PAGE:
The issue was properly submitted to the jury.
For its sixth point, Haveg argues that it was error to have submitted the case to the jury because there was no proof that it breached the bias slitting and sewing contract. No contention is made with respect to the chopping contract. The argument is that a party is not justified in failing to perform his part of a contract by reason only of the fact that he reasonably believes that the other party is intending to break the contract. 6 Corbin on Contracts, § 1260. In essence, Haveg argues that Guyer and not it breached the contracts.
The facts, however, if Guyer's testimony is accepted, are to the contrary. On August, 14, 1962, Guyer received a letter from Haveg to the effect that it required large quantities of materials but was going to obtain them from another source by changing from bias slitting and sewing to bias slitting and bonding. Guyer knew that the bonding process was unsatisfactory and, in fact, the writer of Haveg's August 14 letter so testified at trial.
Immediately following the receipt of the August 14 letter, Guyer was called by its writer, the division manager, and asked to bias slit and sew 800 pounds of material which Haveg at that time needed. Later, a Haveg purchasing agent told Guyer that he would receive only 200 pounds. Guyer demanded all 800 pounds, refused the 200 pounds and demanded that the exclusive requirements contract be reduced to writing. When this demand was rejected, Guyer treated it as a breach of the contract.
We think that this testimony, if accepted, demonstrates a breach of contract by Haveg and complies with the rule.
Finally, Haveg argues that it was error to submit the case to the jury because the proof of damages was too speculative to permit the jury to pass upon it. Henne v. Balick, 1 Storey 369, 146 A.2d 394.
The argument is directed solely to the sufficiency of the evidence for the recovery of loss of profits under the contracts. It does not challenge the propriety of submitting to the jury the question of damages under the doctrine of equitable estoppel, i.e., the amount actually lost as a result of change of position.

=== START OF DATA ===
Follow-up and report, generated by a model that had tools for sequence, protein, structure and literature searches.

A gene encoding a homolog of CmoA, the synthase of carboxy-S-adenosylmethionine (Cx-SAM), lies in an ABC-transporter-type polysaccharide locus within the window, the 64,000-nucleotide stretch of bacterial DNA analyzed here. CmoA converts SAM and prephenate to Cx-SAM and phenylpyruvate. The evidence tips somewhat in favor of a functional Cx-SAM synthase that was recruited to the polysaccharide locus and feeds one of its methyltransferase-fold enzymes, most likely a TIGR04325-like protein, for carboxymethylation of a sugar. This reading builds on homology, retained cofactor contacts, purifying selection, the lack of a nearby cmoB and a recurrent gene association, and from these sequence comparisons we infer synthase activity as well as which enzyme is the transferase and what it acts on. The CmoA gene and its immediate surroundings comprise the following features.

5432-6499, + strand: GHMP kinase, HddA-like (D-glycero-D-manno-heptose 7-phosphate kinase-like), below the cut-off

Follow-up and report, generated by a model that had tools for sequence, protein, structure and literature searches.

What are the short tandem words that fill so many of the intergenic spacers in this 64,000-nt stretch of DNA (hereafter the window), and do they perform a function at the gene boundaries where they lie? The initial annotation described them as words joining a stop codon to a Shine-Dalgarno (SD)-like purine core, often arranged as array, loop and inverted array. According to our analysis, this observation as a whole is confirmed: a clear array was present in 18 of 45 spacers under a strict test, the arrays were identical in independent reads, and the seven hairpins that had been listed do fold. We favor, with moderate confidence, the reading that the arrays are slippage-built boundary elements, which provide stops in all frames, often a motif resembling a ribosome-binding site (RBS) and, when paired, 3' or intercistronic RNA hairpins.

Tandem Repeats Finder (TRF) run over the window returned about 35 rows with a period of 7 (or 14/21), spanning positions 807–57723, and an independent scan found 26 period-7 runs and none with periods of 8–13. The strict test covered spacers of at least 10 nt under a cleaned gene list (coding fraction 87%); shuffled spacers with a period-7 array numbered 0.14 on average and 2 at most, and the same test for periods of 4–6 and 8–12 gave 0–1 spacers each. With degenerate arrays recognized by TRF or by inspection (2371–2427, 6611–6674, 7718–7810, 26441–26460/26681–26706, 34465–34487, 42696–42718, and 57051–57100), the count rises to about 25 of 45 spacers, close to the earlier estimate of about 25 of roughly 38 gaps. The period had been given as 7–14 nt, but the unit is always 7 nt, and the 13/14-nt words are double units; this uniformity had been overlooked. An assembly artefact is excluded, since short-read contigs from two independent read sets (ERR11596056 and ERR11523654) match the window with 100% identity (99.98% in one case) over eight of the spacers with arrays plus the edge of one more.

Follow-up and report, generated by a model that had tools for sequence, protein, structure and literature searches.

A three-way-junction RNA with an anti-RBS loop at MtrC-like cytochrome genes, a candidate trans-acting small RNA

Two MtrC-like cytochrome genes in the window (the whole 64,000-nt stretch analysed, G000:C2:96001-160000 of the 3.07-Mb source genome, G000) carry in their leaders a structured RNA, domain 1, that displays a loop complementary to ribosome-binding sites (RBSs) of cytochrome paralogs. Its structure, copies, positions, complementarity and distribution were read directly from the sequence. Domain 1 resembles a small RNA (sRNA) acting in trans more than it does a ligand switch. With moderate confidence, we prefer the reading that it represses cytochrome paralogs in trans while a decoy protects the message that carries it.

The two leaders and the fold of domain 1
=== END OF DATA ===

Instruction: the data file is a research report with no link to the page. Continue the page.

What is the evidence? First, the gross amount under each contract is readily ascertainable. With respect to the bias contract, the amount is $17,152.40, the gross value of the bias work which Haveg caused to be performed by others. With respect to the chopping contract the gross amount is readily computed as 703,329 pounds × .45 = $316,498.05 both the total poundage and the price per pound being in the record.
The jury, of course, necessarily had to deduct from these gross figures Guyer costs so as to arrive at the lost net profit. With respect to the bias contract, this could be done by an allocation of a portion of his overhead for the years in question, which is *238 in the record, to the gross value to determine the net profit.
With respect to the chopping contract, the jury had before it Guyer's testimony that the chopping work would have required four additional employees. We think it would have been relatively easy for the jury to determine the cost of such additional employees and to allocate a portion of overhead to this contract work.
We think, therefore, that the issue of damages based upon loss of profits was not so speculative as to preclude its submission to the jury.
For the foregoing reasons, the judgment below is affirmed.